I’m trying out a new service to decipher the audio into some nice summary and formats which you can view below!
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If you listened to the podcast and wanted to connect with Specright to rid the world of waste. Let’s go! www.specright.com/pkg. Cory Connors and I just got back from their Summit and learned a ton about how they are enabling companies to organize their data for EPR reporting, sourcing, and LCA’s. Make sure you check them out and join them on their mission to have a world where people are free to make amazing things!
Are you sick and tired of the same positions at your PLANT consistently being open or just not being filled? Or maybe your facility just isn’t retaining talent due to not having dedicated recruitment support.
If you need contract-to-hire support, or you are looking to hire directly for industry professionals…. Spark Packaging can help. Spark Packaging is the industry partner who provides all your recruitment and staffing needs.
If you are hearing this…and thinking “THAT’S ME”…You need to go to to SparkPackagingINC.com/HIRING , again that is SparkPackagingINC.com/HIRING and answer some of their questions. Once received a Spark team-member will reach out A-S-A-P! Tell them the Packaging Pastor sent ya!
If you want to be a guest on this podcast, or Sustainable Packaging with Cory Connors OR Packaging Unbox’d with Evelio, go to www.encasemedia.com and fill out an application for one or all!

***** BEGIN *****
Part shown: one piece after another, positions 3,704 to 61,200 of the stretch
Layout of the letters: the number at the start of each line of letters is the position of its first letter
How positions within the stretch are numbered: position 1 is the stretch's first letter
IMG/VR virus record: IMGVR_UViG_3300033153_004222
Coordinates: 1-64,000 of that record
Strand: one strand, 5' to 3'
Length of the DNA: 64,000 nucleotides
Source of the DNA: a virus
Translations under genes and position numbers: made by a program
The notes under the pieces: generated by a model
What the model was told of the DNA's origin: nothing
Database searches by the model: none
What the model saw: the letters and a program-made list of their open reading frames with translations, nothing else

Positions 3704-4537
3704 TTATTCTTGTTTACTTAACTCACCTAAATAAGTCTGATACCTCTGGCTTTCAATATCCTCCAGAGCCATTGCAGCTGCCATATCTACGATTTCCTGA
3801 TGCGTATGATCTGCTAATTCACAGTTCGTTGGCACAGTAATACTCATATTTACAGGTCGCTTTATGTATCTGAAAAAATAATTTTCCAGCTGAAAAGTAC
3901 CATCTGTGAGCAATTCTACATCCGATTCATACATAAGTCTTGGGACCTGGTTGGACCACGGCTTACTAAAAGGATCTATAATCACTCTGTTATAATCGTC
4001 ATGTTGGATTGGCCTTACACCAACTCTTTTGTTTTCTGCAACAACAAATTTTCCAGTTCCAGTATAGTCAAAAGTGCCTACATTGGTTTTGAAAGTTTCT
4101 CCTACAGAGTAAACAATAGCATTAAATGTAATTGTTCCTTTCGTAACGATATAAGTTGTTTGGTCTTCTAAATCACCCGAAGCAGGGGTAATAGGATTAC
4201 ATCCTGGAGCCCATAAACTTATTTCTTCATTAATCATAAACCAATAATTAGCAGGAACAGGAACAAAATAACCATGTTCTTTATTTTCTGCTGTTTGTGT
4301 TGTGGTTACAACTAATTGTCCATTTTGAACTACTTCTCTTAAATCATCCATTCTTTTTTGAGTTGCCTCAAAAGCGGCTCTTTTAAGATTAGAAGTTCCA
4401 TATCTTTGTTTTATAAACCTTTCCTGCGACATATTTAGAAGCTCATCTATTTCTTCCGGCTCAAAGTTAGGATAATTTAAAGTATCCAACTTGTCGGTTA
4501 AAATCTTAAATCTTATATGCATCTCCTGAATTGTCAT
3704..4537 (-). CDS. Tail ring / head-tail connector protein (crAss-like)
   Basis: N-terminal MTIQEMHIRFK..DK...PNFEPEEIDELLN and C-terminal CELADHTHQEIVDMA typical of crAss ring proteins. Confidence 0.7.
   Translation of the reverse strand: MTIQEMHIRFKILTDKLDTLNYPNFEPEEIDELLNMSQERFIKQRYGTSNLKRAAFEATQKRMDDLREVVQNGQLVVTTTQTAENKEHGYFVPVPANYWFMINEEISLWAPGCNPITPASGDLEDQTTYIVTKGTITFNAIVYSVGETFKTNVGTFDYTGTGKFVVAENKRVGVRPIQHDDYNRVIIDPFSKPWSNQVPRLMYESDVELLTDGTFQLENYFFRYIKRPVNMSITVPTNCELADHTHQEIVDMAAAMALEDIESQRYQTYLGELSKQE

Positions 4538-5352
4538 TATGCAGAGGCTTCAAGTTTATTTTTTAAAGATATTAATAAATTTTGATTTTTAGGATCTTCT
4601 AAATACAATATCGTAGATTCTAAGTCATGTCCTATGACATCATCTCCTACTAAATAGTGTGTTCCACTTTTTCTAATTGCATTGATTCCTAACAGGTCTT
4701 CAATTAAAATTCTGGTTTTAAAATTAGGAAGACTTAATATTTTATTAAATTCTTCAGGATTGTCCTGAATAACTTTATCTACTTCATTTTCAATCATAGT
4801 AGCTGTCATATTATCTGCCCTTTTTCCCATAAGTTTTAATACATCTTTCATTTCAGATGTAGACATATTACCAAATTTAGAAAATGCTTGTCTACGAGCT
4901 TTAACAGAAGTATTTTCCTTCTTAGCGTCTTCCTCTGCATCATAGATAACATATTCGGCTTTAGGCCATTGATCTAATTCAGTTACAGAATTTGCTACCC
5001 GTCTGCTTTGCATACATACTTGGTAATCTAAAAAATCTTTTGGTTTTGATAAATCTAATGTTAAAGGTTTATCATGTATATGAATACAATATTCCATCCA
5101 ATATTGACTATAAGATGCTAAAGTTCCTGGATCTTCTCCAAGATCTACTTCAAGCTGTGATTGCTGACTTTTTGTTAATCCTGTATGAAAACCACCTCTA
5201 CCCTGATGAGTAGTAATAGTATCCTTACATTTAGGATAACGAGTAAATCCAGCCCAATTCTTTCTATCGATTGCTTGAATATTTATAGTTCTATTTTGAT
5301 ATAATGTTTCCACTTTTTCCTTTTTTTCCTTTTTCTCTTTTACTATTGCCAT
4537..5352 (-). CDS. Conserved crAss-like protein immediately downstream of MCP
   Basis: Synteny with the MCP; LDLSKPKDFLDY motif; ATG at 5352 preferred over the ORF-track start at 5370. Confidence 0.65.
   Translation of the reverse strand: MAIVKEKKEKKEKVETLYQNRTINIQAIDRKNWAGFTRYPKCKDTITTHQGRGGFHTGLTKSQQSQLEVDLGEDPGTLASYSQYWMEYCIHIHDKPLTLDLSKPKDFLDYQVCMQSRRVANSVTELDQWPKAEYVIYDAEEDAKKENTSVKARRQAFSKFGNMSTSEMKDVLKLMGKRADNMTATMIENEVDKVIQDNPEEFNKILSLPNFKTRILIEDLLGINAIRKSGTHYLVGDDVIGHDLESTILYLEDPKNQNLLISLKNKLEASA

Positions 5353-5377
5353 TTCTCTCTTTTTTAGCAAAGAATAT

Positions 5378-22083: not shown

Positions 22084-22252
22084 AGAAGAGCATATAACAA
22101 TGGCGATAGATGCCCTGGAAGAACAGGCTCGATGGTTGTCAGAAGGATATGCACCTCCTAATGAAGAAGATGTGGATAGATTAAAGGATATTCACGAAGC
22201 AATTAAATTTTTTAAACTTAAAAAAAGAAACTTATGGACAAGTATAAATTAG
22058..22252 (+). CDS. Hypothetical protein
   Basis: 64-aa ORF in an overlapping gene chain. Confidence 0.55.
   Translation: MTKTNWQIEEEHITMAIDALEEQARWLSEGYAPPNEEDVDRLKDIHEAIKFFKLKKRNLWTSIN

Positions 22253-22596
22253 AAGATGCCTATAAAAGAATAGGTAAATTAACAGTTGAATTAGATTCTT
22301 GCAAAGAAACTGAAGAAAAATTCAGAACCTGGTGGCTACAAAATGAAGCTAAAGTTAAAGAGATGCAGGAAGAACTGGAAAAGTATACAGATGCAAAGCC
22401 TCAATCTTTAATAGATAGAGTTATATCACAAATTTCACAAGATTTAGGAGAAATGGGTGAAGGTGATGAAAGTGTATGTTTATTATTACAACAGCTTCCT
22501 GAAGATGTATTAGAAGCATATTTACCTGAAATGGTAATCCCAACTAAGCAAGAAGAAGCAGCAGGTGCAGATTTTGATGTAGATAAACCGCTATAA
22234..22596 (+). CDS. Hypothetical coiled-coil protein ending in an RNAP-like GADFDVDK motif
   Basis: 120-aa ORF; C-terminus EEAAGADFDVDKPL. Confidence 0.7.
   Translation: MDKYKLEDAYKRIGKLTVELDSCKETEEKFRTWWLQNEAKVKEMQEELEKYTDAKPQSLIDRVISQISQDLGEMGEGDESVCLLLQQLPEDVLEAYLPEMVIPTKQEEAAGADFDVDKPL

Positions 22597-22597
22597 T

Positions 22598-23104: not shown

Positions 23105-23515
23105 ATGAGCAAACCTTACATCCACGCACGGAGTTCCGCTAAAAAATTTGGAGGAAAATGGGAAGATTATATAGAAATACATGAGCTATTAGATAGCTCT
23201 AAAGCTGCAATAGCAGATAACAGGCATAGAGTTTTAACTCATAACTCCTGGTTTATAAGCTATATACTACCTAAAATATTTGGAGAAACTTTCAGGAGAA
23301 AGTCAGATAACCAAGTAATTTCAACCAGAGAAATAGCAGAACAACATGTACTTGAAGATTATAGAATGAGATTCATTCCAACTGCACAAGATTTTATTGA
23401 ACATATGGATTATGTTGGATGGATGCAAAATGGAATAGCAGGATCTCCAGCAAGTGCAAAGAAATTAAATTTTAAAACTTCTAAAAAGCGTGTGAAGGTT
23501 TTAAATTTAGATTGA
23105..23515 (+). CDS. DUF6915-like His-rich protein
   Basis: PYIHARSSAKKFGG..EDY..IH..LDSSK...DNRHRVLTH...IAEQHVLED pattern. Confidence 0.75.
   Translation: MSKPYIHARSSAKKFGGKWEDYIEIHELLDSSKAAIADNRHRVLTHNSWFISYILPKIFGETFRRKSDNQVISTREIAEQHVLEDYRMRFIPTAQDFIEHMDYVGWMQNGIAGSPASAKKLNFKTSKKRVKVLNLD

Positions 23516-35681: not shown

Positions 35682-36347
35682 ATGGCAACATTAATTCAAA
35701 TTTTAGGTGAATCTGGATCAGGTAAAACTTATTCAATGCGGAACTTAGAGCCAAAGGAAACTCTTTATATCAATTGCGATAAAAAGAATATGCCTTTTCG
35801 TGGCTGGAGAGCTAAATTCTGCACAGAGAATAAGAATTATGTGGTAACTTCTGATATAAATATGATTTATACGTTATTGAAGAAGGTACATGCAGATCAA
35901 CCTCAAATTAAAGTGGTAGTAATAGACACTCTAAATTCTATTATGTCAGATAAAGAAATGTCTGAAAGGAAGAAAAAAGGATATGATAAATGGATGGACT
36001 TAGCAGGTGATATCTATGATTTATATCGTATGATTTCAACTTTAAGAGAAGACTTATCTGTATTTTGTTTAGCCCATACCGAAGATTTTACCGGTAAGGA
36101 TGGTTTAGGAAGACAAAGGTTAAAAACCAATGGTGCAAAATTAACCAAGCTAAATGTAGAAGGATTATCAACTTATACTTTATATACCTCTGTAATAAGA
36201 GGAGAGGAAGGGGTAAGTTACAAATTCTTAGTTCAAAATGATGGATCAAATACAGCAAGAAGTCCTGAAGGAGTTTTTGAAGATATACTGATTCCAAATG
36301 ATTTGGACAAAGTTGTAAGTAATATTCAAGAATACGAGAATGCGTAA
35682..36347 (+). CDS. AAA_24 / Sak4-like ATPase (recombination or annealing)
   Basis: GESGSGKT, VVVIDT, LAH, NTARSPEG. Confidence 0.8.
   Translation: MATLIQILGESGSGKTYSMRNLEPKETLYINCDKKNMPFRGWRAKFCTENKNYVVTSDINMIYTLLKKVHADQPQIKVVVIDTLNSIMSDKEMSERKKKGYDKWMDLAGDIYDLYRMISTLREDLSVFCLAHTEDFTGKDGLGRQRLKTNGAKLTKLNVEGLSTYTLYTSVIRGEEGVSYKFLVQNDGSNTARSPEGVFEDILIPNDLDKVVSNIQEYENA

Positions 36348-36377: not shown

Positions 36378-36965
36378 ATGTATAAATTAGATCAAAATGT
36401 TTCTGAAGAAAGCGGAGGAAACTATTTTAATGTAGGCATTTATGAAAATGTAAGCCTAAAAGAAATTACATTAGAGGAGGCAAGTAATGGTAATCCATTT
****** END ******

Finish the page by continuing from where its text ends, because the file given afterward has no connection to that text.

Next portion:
Calvin Frost has joined the People Podcast, hosted by Adam Peek, to discuss his experiences in the label industry. He got into the industry by chance in the mid 80s and left corporate America to pursue a career in recycling. They discuss Adam's post on LinkedIn asking who should she talk to at the TLMI converter meeting, and how Ginny Gandy of Label Leaders of Tomorrow suggested Calvin. Adam hopes Roz Bandy, a good friend of his, is feeling better. Calvin mentions that he will be the most controversial guest on the podcast and the conversation shifts to him introducing himself. He talks about how he got into the industry by chance and left corporate America to pursue a career in recycling. The speaker talks about their journey of starting a business in the recycling industry and how they eventually shifted to recycling non-recyclable materials such as laminated paper and films. Through their efforts, they developed relationships with large corporations such as Three M, Avery, and Dennison. The speaker also mentions the covenants they have to agree to, which includes not landfilling any byproduct that they can't reprocess and bringing in salvage materials at 60%, 20-25%. The speaker, who has been involved in the pressure sensitive label industry for many years, discussed the evolution of the industry and the risk it is currently facing. As the adhesive used renders the label non-recyclable, the speaker was part of a task force in the 1990s to develop benign technology, which would render the label recyclable. Currently, the speaker is trying to garner support and scale in order to make this technology more cost effective so that it can be used. This would make the pressure sensitive label industry more environmentally friendly. The speaker, a recycling expert, began by discussing how he got into the pressure sensitive label industry and realized it was at risk due to lack of sustainable practices. He then discussed Extended Producer Responsibility (EPR) and how it would influence the technology of the industry. He then discussed liner recycling, noting the two main issues of logistics and packaging. Finally, he discussed Jim Shively and how he has made improvements in the industry but the two main issues still remain unsolved.